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Electrochemical Messengers

The entire visual pathway—from the retina to the visual cortex—is paved with millions of neurons. From the time light enters the eye until the brain forms a visual image, vision relies upon the process of electrochemical communication between neurons. Each neuron has a cell body with branching fibers called dendrites and a single long, cylindrical fiber called an axon. When a neuron is stimulated it sends chemicals called neurotransmitters, which causes the release of electrical impulses along the axon. The point where information passes from one cell to the next is a gap called a synapse, and neurotransmitters affect the transmission of electrical impulses on to an adjacent cell. This synaptic transmission of impulses is repeated until the message reaches the appropriate location in the brain. In the retina, approximately 125 million rods and cones transmit information to approximately one million ganglion cells. This means that many rods and cones must converge onto one single cell. At the same time, however, information from each single rod and cone "diverges" on to more than one ganglion cell. This complicated phenomenon of convergence and divergence occurs along the entire optic pathway. The brain must transform all this stimulation into useful information and respond to it by sending messages back to the eye and other parts of the brain before we can see.

Our eyes adapt to an incredible range of light intensities—from the glare of sunlight on glistening snow to the glow of moonlight on rippling water. Although the pupil regulates to some degree the amount of light entering the eye, it is the rods and cones which allow our vision to adapt to such extremes. Rod vision begins in dim light at the level of darkness and responds for up to five orders of intensity. Cones function in bright light and are responsible for color vision and visual activity.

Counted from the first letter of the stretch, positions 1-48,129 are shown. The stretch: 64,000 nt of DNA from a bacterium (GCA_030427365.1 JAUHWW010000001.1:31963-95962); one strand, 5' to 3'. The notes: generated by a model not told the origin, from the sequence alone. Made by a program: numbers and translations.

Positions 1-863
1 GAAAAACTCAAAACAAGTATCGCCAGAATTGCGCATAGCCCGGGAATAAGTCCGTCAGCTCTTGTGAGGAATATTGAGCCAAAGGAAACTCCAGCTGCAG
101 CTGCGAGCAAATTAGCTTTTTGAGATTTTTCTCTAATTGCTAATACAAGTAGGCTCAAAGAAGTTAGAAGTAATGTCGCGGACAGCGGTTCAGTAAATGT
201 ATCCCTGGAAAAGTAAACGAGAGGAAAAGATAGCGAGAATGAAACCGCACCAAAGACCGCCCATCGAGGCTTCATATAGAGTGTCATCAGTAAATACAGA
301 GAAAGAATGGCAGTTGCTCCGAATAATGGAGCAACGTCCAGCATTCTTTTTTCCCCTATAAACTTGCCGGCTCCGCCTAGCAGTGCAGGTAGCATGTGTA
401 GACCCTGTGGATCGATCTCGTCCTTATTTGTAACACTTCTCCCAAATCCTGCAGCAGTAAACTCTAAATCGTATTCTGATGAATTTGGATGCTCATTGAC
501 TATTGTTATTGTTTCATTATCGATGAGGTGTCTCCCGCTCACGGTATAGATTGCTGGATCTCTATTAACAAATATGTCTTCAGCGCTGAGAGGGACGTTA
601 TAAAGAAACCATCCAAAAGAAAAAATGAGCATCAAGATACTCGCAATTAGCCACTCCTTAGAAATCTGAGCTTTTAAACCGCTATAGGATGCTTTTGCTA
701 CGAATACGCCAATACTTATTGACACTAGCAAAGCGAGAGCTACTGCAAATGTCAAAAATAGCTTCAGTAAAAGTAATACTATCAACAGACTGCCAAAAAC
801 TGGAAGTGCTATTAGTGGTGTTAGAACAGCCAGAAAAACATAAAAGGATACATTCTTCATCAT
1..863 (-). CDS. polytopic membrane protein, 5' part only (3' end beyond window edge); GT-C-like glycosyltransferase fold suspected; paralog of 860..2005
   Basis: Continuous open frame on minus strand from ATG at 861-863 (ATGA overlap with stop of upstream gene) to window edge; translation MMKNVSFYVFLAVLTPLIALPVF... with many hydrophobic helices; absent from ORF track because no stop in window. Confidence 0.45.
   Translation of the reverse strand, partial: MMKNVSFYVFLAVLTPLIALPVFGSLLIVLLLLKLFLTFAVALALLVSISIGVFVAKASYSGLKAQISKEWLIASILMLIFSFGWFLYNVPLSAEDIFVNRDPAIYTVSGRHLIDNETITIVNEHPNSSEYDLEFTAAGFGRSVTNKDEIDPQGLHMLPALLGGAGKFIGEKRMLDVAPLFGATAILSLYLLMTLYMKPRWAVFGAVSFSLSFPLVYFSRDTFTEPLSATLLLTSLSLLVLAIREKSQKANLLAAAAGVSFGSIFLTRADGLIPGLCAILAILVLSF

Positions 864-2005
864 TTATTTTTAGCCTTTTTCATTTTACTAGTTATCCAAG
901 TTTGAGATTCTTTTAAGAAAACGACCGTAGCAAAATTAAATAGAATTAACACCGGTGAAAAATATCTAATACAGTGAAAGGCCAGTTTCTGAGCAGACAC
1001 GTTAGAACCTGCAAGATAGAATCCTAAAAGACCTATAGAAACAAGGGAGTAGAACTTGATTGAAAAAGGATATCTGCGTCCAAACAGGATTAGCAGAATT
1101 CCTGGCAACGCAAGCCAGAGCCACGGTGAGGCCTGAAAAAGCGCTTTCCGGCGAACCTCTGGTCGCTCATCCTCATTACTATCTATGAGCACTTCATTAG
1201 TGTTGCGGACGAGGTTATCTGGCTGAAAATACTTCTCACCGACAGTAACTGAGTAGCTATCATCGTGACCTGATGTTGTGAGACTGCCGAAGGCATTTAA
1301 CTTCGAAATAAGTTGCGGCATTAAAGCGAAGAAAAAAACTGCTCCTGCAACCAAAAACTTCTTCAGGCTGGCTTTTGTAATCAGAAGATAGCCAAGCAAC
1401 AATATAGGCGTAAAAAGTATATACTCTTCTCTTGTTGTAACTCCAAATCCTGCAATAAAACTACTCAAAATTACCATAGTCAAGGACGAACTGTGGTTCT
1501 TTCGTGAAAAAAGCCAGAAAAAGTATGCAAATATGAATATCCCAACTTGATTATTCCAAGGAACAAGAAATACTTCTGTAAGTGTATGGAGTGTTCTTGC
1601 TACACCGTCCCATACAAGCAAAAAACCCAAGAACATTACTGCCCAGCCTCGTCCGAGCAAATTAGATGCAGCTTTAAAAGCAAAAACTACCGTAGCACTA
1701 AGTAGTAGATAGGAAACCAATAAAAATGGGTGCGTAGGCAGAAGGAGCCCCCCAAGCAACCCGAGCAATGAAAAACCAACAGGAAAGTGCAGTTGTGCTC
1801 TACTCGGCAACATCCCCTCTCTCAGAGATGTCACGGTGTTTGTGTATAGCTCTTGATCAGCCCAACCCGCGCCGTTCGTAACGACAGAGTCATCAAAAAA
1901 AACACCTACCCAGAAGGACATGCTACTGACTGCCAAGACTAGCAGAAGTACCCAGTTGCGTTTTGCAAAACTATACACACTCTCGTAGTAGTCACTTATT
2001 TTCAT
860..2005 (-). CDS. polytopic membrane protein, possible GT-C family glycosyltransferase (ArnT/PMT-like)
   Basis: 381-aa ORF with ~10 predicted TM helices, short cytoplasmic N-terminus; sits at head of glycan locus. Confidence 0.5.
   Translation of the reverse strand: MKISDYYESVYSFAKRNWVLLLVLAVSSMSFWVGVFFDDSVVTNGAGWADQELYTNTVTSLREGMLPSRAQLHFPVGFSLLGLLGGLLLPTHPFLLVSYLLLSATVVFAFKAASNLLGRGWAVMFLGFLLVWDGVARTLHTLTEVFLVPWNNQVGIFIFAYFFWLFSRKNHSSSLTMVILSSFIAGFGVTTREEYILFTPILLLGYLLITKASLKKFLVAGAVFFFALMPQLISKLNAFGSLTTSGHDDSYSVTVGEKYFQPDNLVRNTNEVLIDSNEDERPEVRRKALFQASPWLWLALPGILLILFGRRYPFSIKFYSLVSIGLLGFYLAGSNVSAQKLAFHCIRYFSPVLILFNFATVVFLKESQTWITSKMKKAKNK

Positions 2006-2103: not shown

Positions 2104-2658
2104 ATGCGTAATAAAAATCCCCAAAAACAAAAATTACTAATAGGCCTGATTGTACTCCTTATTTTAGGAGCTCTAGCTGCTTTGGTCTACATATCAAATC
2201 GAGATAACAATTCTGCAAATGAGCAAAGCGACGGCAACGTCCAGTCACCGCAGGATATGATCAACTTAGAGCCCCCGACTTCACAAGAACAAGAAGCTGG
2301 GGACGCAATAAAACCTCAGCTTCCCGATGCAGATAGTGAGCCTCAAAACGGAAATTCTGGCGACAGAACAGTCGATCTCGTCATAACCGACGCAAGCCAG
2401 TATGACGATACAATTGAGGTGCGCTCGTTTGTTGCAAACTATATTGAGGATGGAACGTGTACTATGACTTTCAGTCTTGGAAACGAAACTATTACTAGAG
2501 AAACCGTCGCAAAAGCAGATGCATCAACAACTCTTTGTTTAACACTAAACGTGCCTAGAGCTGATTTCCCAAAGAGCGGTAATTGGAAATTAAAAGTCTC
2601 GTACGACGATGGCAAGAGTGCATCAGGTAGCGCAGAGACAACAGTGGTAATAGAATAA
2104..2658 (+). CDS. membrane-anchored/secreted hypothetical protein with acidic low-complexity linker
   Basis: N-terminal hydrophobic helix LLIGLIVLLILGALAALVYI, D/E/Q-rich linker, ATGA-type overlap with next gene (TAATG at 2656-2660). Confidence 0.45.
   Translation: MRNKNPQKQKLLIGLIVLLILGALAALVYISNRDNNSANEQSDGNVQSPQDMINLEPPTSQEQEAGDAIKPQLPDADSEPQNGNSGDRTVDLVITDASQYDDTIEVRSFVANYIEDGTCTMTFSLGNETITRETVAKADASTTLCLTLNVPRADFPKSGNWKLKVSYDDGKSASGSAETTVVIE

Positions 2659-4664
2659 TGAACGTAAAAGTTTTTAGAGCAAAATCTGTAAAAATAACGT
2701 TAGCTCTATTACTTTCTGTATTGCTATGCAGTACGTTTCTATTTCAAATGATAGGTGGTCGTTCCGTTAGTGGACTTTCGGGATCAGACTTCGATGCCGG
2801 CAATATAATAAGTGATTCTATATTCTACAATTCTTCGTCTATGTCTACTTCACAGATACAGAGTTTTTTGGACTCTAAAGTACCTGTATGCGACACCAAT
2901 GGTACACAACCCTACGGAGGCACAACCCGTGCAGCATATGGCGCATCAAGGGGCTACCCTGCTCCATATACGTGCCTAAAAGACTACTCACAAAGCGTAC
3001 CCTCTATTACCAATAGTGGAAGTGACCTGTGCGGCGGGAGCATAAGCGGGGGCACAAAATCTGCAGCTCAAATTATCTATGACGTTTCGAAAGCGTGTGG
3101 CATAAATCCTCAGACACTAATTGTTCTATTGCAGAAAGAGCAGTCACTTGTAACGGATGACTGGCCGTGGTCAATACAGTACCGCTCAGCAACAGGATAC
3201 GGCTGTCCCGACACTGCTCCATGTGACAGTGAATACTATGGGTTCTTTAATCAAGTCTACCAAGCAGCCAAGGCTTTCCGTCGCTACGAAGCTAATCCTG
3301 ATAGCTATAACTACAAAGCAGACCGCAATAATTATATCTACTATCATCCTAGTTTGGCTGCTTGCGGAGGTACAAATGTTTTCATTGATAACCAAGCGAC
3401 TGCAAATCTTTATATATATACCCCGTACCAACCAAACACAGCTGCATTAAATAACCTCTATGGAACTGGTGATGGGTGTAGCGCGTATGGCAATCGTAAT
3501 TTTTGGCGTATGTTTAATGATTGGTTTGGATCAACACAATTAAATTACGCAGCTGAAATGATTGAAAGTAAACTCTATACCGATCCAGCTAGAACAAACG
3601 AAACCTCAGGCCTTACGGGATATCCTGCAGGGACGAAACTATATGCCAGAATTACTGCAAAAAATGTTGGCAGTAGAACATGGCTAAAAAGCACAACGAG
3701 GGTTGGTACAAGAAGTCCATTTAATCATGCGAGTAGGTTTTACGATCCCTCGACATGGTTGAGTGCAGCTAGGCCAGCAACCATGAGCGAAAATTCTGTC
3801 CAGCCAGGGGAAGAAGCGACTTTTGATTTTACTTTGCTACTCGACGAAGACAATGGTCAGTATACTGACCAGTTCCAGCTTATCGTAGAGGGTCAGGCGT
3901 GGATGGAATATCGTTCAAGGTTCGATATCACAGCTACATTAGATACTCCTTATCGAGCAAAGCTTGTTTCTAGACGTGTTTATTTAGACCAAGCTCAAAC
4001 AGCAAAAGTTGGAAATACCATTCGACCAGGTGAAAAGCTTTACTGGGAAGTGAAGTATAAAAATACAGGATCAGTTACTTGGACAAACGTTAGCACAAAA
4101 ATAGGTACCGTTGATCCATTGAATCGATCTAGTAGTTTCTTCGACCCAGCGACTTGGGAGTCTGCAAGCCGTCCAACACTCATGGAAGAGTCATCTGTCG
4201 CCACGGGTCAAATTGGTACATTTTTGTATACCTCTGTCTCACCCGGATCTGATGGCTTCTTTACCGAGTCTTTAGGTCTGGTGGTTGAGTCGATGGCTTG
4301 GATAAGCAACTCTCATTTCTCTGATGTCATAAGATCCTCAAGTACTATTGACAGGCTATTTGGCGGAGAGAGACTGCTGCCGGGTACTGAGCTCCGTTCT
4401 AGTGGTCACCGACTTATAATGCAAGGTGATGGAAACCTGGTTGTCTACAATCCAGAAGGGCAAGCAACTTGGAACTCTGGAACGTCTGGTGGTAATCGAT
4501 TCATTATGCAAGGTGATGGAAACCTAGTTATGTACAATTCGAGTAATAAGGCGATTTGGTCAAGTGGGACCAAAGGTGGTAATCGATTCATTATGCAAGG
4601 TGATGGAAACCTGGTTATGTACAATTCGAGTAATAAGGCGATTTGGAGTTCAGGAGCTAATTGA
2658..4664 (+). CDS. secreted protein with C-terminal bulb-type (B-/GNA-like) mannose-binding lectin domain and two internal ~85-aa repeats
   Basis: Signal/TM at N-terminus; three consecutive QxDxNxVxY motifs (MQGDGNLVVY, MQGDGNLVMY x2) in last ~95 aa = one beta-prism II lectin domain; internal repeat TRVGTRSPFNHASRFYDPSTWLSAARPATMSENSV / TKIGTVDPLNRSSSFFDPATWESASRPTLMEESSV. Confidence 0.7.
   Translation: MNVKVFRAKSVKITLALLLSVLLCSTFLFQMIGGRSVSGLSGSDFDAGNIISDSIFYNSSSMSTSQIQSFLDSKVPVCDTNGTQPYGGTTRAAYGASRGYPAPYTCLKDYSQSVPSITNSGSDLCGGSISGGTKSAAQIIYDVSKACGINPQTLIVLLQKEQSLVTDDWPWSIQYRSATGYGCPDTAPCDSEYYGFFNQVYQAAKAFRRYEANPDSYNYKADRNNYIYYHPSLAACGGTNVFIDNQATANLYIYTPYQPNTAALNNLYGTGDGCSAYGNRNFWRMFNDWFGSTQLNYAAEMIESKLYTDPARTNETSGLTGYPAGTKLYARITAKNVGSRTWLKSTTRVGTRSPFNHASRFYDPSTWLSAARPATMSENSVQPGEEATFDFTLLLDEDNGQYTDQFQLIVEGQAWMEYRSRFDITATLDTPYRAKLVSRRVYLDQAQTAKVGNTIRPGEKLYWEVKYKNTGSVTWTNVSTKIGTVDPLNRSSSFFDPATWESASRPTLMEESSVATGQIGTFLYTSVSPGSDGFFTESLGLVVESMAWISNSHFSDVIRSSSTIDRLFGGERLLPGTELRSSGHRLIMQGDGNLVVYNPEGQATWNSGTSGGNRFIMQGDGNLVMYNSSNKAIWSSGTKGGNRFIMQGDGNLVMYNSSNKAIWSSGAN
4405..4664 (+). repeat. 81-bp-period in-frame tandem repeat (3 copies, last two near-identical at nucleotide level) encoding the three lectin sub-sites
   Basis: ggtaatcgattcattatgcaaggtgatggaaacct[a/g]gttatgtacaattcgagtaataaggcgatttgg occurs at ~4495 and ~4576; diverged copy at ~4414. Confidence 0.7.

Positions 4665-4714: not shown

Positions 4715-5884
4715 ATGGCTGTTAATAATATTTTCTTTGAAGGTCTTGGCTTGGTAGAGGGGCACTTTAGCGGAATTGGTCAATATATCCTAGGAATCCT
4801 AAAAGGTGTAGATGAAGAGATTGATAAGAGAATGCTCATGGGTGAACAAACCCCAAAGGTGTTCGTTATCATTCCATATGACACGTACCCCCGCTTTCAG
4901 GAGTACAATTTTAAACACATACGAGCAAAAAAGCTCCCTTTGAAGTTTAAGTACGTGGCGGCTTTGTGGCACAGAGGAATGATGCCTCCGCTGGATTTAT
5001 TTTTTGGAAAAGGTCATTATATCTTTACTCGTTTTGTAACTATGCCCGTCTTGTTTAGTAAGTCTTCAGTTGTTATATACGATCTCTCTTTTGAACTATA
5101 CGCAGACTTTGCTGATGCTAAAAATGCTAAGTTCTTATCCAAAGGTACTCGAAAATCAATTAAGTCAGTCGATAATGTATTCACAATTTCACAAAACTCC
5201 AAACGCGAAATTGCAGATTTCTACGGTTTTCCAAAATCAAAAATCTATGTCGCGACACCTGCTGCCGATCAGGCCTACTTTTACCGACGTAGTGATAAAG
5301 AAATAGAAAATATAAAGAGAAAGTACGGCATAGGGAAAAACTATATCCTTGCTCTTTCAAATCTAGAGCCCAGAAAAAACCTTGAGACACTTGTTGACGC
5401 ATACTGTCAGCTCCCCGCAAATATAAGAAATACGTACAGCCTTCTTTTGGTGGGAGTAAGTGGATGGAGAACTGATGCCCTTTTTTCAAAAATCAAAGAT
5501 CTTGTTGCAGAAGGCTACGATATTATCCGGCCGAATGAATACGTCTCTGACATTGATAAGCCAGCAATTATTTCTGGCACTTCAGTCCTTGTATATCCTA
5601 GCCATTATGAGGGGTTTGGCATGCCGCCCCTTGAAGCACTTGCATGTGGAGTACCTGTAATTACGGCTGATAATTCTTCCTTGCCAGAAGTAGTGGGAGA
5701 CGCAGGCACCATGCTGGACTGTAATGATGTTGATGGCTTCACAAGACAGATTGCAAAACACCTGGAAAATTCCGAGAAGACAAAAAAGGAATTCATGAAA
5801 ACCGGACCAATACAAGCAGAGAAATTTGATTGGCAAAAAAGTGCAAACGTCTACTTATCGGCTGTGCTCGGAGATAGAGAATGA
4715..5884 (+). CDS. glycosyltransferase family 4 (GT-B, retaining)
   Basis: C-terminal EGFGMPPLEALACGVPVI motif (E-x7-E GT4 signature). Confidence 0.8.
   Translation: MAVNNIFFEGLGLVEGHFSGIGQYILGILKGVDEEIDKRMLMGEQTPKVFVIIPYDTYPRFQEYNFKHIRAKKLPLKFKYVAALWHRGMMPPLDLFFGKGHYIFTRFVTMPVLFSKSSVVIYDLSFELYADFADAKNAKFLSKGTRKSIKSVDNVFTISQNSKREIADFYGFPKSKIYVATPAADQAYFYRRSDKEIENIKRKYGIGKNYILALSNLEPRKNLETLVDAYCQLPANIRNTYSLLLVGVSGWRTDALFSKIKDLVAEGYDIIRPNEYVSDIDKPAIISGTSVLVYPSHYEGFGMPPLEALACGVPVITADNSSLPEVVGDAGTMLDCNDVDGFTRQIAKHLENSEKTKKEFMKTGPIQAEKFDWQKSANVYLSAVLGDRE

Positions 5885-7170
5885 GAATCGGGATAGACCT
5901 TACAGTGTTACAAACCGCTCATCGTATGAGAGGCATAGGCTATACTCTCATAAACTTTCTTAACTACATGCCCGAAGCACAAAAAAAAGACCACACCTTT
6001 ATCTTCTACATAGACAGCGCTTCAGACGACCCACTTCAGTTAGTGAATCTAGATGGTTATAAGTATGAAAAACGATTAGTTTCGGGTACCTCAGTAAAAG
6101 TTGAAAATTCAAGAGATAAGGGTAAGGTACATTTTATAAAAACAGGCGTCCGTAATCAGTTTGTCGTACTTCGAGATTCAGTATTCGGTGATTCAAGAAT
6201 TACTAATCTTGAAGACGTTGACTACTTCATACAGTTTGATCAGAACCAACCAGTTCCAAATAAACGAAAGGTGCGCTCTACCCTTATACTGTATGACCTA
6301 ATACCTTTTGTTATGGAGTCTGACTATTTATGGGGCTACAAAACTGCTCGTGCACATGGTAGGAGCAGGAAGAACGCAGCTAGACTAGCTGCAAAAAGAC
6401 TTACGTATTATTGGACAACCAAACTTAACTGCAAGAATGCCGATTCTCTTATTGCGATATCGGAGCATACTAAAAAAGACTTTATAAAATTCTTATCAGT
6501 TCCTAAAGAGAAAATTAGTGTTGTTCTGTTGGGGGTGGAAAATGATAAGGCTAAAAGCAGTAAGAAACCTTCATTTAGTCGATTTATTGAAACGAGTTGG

When light hits the surface of an object, it is either absorbed, reflected, or passes through—as it does through clear glass. The amount of pigment in an object helps us determine its color. The amount of light absorbed by an object is determined by the amount of pigment, or color, contained in that object. The more heavily pigmented the object, the darker it appears because it absorbs more light. A sparsely pigmented object, which absorbs very little light and reflects a lot back, appears lighter.

Additional topics

Science EncyclopediaScience & Philosophy: Verbena Family (Verbenaceae) - Tropical Hardwoods In The Verbena Family to WelfarismVision - Our 3-d View Of The World, Ocular Dominance, Memory, Electrochemical Messengers, Color Vision - Optic pathway, Visual field, Accommodation, Common visual problems, Amblyopia, Other common visual problems